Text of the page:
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Thousands attend #BlackLivesMatter march in Leeds

BLACK LIVES MATTER: The march gets underway in Leeds

THE SISTER of a man who choked to death in a police station 18 years ago opened proceedings at a Black Lives Matter march in Leeds last night (July 14).

"We have a duty to fight for our freedom, we have a duty to win. We have a duty to support and love one another, we have nothing to lose but our chains," Janet Alder told the heaving crowd gathered outside Leeds Art Gallery.

Over 1,000 protestors then began marching through the city, firstly heading through the business district, then past various leeds landmarks such as the train station, the trinity shopping centre, the BBC building, West Yorkshire Playhouse and the town hall.


THE BEGINNING: Crowds outside Leeds Art Gallery

Traffic was brought traffic to a standstill on main roads such as the Headrow, Eastgate, Park Row & Briggate as the crowd held signs and banners and placards with quotes from the likes of Bob Marley, Nelson Mandela and Malcolm X.

One read, “Freedom is not given it is taken”, while another read, “to serve and protect, not to kill and neglect.”

The march, and many like it around the UK, comes after the police killing of two black men in the United States.

Alton Sterling, a 37-year-old father was fatally shot by police in Baton Rogue, Louisana, on Tuesday (July 5). He had reportedly been selling CDs outside of a petrol station.

A day later, 32-year-old Philando Castile was fatally wounded in his car by an officer who believed he was reaching for a gun.

Castile’s girlfriend, Diamond Reynolds, who livestreamed the bloody aftermath of the traffic stop gone wrong on Wednesday (July 6), claims he was wounded while reaching for his wallet. His four-year-old daughter witnessed the attack.


UNITED: Protesters walk along Boar Lane, past Trinity Centre

Their deaths and accompanying videos showing their treatment at the hands of law enforcement has caused widespread around the globe.

Speaking ahead of the march, organiser Sasha Blair told The Voice: “While we may think that because we are not in America these issues don't affect us, the truth is, this happens in the UK as well.

“We must come together to march in protest of their deaths to fight back and honour our brothers and sisters. It could have been us or our fathers, mothers, husband, wives, children or brothers or sisters. The Colour Theme is Black and Red representing Black Lives taken and blood shed across the World and we invite everyone to wear these colours to the march.”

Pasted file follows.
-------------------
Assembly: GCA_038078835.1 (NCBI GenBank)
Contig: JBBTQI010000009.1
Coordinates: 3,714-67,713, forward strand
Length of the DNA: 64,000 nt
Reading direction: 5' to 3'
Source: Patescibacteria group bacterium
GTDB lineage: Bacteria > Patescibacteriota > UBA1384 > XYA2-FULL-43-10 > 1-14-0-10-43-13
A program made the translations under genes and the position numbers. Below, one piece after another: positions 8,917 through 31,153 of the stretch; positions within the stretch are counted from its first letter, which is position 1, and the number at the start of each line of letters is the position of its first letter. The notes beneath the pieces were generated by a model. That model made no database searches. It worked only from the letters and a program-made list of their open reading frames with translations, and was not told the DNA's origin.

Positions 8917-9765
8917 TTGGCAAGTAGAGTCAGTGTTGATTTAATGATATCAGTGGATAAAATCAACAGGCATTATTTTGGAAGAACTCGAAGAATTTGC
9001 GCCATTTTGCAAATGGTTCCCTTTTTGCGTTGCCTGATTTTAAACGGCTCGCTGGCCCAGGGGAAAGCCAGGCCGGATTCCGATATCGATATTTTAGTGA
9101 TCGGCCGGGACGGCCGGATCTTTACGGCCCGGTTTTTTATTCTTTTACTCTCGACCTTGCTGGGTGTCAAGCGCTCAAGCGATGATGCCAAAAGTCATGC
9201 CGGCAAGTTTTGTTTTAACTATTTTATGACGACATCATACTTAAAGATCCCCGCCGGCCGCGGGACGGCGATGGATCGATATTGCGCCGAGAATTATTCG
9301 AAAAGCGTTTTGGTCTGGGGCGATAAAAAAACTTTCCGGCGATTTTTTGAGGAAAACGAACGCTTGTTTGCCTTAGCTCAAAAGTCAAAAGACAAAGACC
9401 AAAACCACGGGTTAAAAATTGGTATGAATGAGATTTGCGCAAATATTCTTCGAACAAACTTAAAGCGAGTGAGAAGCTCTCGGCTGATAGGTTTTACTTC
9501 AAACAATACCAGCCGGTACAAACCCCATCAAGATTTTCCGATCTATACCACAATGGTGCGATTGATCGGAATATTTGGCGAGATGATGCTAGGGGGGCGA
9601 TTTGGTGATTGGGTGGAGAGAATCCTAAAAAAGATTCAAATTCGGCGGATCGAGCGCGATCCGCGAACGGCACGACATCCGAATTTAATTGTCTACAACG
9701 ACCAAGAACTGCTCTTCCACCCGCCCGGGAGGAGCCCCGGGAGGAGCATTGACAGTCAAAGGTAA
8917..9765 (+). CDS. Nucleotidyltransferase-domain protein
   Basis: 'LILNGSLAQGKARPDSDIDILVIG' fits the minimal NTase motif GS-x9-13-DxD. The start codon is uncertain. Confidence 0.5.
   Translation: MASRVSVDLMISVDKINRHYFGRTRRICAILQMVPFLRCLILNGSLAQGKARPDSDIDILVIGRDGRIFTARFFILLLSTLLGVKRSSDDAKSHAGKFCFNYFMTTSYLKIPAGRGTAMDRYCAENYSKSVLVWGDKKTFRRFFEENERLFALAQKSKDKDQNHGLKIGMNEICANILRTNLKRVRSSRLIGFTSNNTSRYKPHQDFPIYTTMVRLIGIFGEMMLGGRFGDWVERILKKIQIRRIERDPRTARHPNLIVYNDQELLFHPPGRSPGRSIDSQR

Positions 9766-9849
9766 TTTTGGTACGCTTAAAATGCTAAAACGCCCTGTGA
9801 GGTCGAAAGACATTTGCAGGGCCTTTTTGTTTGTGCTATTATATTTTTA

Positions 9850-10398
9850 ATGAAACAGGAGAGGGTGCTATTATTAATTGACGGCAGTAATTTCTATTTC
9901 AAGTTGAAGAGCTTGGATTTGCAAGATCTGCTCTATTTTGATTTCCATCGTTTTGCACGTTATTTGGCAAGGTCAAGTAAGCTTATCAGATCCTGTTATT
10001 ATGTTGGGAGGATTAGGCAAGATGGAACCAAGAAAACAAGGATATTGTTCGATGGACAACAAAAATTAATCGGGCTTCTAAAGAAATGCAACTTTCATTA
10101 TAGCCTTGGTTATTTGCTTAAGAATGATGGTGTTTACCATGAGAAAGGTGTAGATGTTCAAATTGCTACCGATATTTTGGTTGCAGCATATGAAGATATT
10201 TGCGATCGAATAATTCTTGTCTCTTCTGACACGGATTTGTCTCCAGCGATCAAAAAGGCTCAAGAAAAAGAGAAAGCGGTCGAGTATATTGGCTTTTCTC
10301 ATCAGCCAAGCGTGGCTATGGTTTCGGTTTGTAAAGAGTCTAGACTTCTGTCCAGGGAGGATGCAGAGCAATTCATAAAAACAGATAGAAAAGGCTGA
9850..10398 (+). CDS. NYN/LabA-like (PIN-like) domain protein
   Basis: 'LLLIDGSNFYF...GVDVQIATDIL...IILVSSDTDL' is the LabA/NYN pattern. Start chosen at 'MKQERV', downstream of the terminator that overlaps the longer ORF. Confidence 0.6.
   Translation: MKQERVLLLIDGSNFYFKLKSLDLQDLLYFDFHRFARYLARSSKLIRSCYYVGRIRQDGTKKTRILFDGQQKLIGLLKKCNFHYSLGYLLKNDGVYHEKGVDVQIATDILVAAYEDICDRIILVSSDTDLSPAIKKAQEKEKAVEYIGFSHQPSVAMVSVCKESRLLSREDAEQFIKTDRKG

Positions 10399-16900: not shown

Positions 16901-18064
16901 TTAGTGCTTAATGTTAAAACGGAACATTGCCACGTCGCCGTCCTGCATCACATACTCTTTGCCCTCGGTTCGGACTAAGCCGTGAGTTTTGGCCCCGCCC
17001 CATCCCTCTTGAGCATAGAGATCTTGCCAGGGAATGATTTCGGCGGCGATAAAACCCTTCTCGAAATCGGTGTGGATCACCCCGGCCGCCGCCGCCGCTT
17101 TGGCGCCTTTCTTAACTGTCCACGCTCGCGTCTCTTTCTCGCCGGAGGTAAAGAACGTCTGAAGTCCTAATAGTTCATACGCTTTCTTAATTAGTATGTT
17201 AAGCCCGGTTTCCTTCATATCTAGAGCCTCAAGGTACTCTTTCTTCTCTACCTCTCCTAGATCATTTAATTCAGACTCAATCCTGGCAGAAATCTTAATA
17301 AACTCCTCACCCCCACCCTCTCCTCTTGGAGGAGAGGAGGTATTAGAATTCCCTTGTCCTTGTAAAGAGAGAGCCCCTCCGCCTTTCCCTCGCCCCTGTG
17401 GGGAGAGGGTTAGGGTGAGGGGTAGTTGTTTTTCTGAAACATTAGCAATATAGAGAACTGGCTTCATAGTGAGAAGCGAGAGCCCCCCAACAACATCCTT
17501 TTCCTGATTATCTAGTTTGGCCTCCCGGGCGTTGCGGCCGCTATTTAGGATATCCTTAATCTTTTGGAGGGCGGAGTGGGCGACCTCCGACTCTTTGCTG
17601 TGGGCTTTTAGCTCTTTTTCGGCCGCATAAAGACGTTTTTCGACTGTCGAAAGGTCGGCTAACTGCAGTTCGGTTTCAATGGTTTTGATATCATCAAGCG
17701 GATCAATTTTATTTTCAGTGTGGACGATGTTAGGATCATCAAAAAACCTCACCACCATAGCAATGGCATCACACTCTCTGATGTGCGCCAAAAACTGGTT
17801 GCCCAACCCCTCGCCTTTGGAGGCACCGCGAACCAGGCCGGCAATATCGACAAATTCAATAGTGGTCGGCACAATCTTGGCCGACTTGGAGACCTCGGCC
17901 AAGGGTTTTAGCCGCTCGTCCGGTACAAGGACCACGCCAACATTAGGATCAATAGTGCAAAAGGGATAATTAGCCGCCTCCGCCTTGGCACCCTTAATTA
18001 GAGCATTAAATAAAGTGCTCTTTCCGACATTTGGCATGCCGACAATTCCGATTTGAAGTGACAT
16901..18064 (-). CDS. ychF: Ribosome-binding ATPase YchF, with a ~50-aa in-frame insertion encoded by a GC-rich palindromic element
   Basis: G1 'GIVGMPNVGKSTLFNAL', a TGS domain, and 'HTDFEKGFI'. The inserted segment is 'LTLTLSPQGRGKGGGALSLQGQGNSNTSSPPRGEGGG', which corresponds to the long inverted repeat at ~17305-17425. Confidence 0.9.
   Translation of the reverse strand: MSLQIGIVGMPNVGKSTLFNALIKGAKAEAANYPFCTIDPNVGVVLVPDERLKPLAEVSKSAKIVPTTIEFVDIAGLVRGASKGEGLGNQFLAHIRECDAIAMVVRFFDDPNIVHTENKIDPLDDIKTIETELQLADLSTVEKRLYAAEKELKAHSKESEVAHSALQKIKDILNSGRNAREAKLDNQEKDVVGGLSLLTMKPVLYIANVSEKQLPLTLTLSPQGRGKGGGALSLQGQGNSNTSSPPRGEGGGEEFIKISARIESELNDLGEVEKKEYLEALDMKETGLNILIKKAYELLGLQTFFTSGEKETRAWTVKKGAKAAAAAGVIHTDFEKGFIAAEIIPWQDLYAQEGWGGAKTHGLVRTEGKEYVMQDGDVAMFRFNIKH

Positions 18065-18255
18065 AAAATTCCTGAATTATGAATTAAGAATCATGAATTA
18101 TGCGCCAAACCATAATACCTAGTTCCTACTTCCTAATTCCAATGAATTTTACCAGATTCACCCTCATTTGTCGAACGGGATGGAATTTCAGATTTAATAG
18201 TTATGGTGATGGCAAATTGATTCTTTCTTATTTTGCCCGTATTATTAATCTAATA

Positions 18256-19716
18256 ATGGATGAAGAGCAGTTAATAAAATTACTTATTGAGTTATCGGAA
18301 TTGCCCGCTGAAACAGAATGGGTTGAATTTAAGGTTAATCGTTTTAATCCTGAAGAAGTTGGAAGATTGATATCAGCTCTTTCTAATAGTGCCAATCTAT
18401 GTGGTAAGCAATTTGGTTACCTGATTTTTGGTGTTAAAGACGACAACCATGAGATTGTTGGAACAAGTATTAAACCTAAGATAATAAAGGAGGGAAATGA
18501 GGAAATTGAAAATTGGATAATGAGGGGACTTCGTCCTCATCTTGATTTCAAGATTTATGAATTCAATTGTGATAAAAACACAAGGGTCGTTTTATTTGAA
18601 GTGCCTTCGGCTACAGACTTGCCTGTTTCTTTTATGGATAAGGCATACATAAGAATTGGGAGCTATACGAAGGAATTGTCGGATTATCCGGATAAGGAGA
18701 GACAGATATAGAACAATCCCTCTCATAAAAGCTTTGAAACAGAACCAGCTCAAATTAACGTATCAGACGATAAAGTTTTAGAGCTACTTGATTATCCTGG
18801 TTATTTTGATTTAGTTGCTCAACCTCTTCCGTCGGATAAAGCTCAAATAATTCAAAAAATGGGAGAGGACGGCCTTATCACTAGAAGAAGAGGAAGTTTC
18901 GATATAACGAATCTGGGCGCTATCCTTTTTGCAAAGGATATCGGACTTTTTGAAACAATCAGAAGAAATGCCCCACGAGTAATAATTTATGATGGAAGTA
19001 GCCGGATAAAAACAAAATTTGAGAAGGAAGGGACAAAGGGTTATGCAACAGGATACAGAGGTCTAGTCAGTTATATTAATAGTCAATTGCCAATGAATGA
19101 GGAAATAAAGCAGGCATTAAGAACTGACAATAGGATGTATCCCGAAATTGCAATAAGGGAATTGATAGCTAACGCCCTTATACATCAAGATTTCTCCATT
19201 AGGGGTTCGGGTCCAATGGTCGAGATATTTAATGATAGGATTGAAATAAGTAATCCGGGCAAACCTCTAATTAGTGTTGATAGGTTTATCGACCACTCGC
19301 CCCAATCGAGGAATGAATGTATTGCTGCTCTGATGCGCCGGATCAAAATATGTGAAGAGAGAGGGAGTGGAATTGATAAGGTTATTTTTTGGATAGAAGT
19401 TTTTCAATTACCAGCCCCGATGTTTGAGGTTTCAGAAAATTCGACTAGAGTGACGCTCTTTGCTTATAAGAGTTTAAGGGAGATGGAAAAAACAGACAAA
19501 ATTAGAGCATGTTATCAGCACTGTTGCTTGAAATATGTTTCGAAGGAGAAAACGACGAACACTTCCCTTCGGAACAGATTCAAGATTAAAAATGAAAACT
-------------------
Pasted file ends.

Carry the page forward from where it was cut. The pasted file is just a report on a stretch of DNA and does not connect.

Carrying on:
Other speakers on the day included representatives from the Black Health Initiative (BHI), University of Leeds Student Union, Chapeltown Youth Development Centre as well as local parents and young people, among others.


REMEMBERED: Christopher Alder to death at a police station 18 years ago

Music accompanying the march included Michael Jackson's They Don't Really Care About Us, Bob Marley's Redemption Song, Nas' I Can and Kendrick Lamar's Alright.

There were also countless chants of “Black Lives Matter”, “Hands Up Don't Shoot” and “No Justice No Peace”.

“We will not rest until we see the end of racially-motivated police brutality. We demand accountability when people die in police custody.” spokesperson Marvina Newton told The Voice

"We stand in solidarity with those who have fallen here and across the world. The fight for equality is an everyday endeavour”, protestor Sophie Blake added.

Teenager Juliana Eigbe, who lives in Leeds, said “Since the EU referendum, we have seen a rise in racism and open xenophobia in Leeds and the UK. It stops today”.


CELEBRITY SUPPORT: Actor Amel Ameen stands with one of the organisers and speakers

Former professional footballer and manager if Chapeltown Junior FC Lutel James added: "We've been fighting for equality across the board. We're sick and tired of people talking about equality and it means nothing to us.

“If we don't start fighting back and start standing up and being joint in our stance, we'll never go forward. This ain't about us, ain't about the people now, it's about the next generation if young people coming through, it's about our kids and grandkids.

Young black lives are forgotten; it's up to us to take responsibility to grab it back, just like we've grabbed the city centre today."

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